The Core Solo T1400 has a 134 MHz faster System Bus Speed than the Celeron M ULV, and as such, has a marginally higher limit when it comes to the size of the data being processed at once.

The maximum Thermal Design Power is the power in Watts that the CPU will consume in the worst case scenario. The lithography is the semiconductor manufacturing technology being used to create the CPU - the smaller this is, the more transistors that can be fit into the CPU, and the closer the connections. For both the lithography and the TDP, it is the lower the better, because a lower number means a lower amount of power is necessary to run the CPU, and consequently a lower amount of heat is produced.

The Core Solo T1400 has a 28 Watt lower Maximum TDP than the Celeron M ULV (though they were created with the same size 65 nm manufacturing technology). What this means is the Core Solo T1400 will consume significantly less power and consequently produce less heat, enabling more prolonged computational tasks with fewer adverse effects. This will lower your yearly electricity bill significantly, as well as prevent you from having to invest in extra cooling mechanisms (unless you overclock).

CPU Core Details

CPU Codename-Yonah
MoBo SocketSocket 479Socket 479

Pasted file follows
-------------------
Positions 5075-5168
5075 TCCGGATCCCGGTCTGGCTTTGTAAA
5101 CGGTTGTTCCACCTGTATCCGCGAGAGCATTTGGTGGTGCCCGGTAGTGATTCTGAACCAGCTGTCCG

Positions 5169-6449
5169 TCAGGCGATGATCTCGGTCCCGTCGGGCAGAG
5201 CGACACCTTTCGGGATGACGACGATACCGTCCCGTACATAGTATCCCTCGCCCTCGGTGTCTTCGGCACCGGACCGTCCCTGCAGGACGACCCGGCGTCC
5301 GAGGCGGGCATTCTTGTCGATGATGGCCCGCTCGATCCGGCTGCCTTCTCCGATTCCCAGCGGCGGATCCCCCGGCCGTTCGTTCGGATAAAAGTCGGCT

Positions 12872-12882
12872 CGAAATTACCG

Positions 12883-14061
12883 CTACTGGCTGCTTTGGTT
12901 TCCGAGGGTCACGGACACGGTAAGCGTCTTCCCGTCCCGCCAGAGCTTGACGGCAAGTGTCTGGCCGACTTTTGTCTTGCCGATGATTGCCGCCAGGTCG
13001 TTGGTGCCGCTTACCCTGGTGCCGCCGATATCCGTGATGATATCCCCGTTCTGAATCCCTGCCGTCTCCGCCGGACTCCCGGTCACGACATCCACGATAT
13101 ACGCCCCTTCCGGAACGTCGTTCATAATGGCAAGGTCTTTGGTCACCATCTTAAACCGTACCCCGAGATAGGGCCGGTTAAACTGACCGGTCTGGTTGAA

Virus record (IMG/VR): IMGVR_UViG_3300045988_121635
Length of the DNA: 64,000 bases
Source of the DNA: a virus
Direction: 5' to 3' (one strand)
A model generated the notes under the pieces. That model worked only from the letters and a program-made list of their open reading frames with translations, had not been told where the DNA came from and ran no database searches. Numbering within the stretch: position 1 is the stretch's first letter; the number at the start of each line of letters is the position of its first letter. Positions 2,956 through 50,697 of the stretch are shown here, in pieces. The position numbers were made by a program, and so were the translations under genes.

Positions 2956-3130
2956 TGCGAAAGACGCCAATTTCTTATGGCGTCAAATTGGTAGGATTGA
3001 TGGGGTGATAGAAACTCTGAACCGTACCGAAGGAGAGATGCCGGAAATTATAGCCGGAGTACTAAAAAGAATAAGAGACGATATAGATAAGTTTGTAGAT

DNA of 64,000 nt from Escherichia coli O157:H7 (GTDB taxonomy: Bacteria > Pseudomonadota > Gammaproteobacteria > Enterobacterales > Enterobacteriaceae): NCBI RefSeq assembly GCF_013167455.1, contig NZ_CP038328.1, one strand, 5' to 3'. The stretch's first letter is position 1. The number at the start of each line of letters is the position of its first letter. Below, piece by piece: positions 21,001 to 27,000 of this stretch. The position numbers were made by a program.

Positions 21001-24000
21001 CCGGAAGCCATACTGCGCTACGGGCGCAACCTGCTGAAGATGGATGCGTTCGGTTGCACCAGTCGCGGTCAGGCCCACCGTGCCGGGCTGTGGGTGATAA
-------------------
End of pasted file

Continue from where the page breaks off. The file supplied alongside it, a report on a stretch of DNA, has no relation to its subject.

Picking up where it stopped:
Notebook CPUyesyes
Release Date01 Jul 200601 May 2006
CPU LinkGD LinkGD Link
Approved

CPU Technical Specifications

CPU Cores1vs1
Clock Speed1.06 GHzvs1.83 GHz
Turbo Frequency-vs-
System Bus 533 MHzvs667 MHz
Max TDP55 Wvs27 W
Lithography65 nmvs65 nm
Bit Width32 Bitvs32 Bit
Voltage Range0.85V-1.10V KBvs1.1625V - 1.30V KB
Virtualization Technologynovsno
Comparison

CPU Cache and Memory

L1 Cache Size-vs64 KB
L2 Cache Size1 KBvs2 KB
L2 Cache Speed-vs-
L3 Cache Size-vs-
ECC Memory Supportnovsno
Comparison

CPU Graphics

Graphicsno
Base GPU Frequency-vs-
Max GPU Frequency-vs-
DirectX-vs-
Displays Supported-vs-
Comparison

CPU Package and Version Specifications

Package Size35mm x 35mmvs35mm x 35mm
Revision-vs-
PCIe Revision-vs-
PCIe Configurations-vs-

Gaming Performance Value

Performance Value

CPU Mini Review

Mini ReviewMerom is the code name for various Intel processors that are sold as Core 2 Duo, Core 2 Solo, Pentium Dual-Core and Celeron. It was the first mobile processor to be based on the Core microarchitecture, replacing the Enhanced Pentium M based Yonah processor. Merom has product code 80537, which is shared with Merom-2M and Merom-L that are very similar but have a smaller L2 cache. Merom-L has only one processor core and a different CPUID model. The desktop version of Merom is Conroe and the dual-socket server version is Woodcrest. Merom has subsequently been replaced by Penryn.Yonah was the code name for (the core of) Intel's first generation of 65 nm process mobile microprocessors, based on the Banias/Dothan-core Pentium M microarchitecture. SIMD performance has been improved through the addition of SSE3 instructions and improvements to SSE and SSE2 implementations, while integer performance decreased slightly due to higher latency cache. Additionally, Yonah includes support for the NX bit.